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Everton prepare ‘double jeopardy’ defence to fight latest Premier League charge

Everton borrowed money to fund their move from Goodison Park to Bramley-Moore Dock  (Peter Byrne/PA Wire)
Everton borrowed money to fund their move from Goodison Park to Bramley-Moore Dock (Peter Byrne/PA Wire)

Everton are likely to use the argument that they should not be punished twice for the same set of accounts when they face their next Premier League charge for breaching Profitability and Sustainability Rules after seeing their case bolstered by the written reasons an appeal board gave on Monday.

The Merseyside club had a 10-point deduction for failing Financial Fair Play over a period from 2018-2022 reduced to six points on appeal.

However, they have been referred to a second independent commission by the Premier League for their accounts from 2019-2023, with the league yet to tell Everton the scale of their breach.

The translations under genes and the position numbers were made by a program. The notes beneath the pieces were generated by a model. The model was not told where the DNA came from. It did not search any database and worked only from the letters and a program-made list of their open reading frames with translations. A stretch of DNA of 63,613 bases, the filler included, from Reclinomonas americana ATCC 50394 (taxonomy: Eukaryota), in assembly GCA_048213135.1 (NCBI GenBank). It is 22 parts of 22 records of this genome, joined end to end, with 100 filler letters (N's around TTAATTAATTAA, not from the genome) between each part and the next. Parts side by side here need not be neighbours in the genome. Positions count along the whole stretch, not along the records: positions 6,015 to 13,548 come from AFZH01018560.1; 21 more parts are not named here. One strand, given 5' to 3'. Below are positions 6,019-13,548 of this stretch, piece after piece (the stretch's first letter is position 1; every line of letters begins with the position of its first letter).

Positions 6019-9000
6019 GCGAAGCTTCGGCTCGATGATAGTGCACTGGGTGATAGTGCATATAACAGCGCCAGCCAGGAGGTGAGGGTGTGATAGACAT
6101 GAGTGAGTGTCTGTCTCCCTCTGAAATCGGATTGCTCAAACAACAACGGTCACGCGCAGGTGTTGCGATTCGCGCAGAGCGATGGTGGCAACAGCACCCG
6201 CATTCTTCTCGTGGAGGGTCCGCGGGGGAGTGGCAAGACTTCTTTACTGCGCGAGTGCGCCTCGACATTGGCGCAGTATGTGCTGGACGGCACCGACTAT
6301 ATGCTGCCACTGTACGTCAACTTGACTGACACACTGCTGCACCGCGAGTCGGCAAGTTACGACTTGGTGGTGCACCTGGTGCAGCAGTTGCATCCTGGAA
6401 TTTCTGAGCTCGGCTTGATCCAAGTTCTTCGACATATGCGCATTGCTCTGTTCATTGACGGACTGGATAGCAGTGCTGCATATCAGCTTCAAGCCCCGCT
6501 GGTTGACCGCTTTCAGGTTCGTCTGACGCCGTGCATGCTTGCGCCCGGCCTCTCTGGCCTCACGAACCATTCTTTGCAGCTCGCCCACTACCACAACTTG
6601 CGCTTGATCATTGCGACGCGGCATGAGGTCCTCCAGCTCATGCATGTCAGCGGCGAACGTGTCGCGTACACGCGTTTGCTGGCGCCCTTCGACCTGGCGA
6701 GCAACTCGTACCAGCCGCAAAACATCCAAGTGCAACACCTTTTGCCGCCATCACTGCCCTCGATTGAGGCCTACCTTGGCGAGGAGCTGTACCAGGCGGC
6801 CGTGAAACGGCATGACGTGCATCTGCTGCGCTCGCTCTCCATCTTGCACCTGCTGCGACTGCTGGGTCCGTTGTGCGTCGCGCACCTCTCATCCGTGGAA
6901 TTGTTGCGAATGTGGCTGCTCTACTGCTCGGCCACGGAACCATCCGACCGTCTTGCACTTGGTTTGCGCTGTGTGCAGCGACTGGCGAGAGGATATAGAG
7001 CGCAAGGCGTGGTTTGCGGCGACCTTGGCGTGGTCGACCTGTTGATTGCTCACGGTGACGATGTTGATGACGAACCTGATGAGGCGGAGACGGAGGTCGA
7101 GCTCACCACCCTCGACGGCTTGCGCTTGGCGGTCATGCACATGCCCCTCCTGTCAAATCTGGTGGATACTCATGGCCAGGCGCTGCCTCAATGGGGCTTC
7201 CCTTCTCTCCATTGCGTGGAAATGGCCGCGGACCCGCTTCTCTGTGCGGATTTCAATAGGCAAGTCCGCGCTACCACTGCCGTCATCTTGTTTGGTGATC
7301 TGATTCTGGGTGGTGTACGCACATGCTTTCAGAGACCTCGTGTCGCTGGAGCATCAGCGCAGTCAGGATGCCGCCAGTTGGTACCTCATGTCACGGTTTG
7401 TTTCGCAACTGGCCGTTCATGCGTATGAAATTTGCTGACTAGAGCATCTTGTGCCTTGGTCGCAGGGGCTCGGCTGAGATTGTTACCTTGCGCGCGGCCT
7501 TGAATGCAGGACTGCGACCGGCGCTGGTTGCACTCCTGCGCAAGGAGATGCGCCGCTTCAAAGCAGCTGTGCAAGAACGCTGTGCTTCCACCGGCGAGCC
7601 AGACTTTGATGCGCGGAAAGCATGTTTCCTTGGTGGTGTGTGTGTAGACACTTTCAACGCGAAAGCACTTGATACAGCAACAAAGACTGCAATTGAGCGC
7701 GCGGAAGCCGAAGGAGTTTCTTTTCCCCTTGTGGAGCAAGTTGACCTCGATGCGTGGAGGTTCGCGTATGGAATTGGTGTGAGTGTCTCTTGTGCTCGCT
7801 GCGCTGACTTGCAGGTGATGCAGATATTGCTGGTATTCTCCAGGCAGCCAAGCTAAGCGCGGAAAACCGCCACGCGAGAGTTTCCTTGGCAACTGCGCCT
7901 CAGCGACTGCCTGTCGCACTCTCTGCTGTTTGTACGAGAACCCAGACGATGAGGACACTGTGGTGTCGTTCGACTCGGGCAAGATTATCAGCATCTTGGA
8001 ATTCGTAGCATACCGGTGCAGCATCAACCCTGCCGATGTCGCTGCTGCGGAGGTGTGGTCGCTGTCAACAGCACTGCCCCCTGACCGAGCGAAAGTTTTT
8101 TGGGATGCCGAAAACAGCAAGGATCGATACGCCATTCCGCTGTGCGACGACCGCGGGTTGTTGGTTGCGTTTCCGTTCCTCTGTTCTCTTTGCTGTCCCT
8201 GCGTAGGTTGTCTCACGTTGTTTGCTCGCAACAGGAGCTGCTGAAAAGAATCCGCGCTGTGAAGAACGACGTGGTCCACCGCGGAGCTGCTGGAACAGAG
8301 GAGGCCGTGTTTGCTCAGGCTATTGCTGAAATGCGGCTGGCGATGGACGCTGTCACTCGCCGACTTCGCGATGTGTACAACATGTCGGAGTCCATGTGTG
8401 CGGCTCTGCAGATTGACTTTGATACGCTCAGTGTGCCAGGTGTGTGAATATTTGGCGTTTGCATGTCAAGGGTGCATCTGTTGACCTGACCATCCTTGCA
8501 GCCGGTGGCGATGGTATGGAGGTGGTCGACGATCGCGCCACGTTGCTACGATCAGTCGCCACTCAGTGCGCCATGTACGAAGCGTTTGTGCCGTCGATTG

They look set to face a second points deduction in the same season but Everton intend to base some of their case on double jeopardy and say they should not be penalised again for the same offence.

The appeal board described Everton’s breach as “substantial” after recording a loss of £124.5m over the 2018-22 period, £19.5m above the permitted threshold, which it determined gave them “a significant sporting advantage” that required a deduction “to be fair to other Premier League clubs”.

But they also noted in their written reasons that Everton moved in the right direction in their financial figures for 2021-22, while still making a loss, and that it continued as “the PSR picture in FY23 showed an upturn”.

In the 2022-23 financial year, Everton sold players and reduced the wage bill, albeit while loans to fund the construction of their new stadium at Bramley-Moore Dock contributed to their costs.

The appeal board also said that “it is important that there is no double counting in the sense of treating the excess loss over £105m more than once”.

Everton are expected to say they have already been sanctioned for 75 per cent of the accounting period for the second charge and that the EFL rules, which the appeal board cited in its verdict on Monday, ensure clubs cannot be punished twice for the same transgression.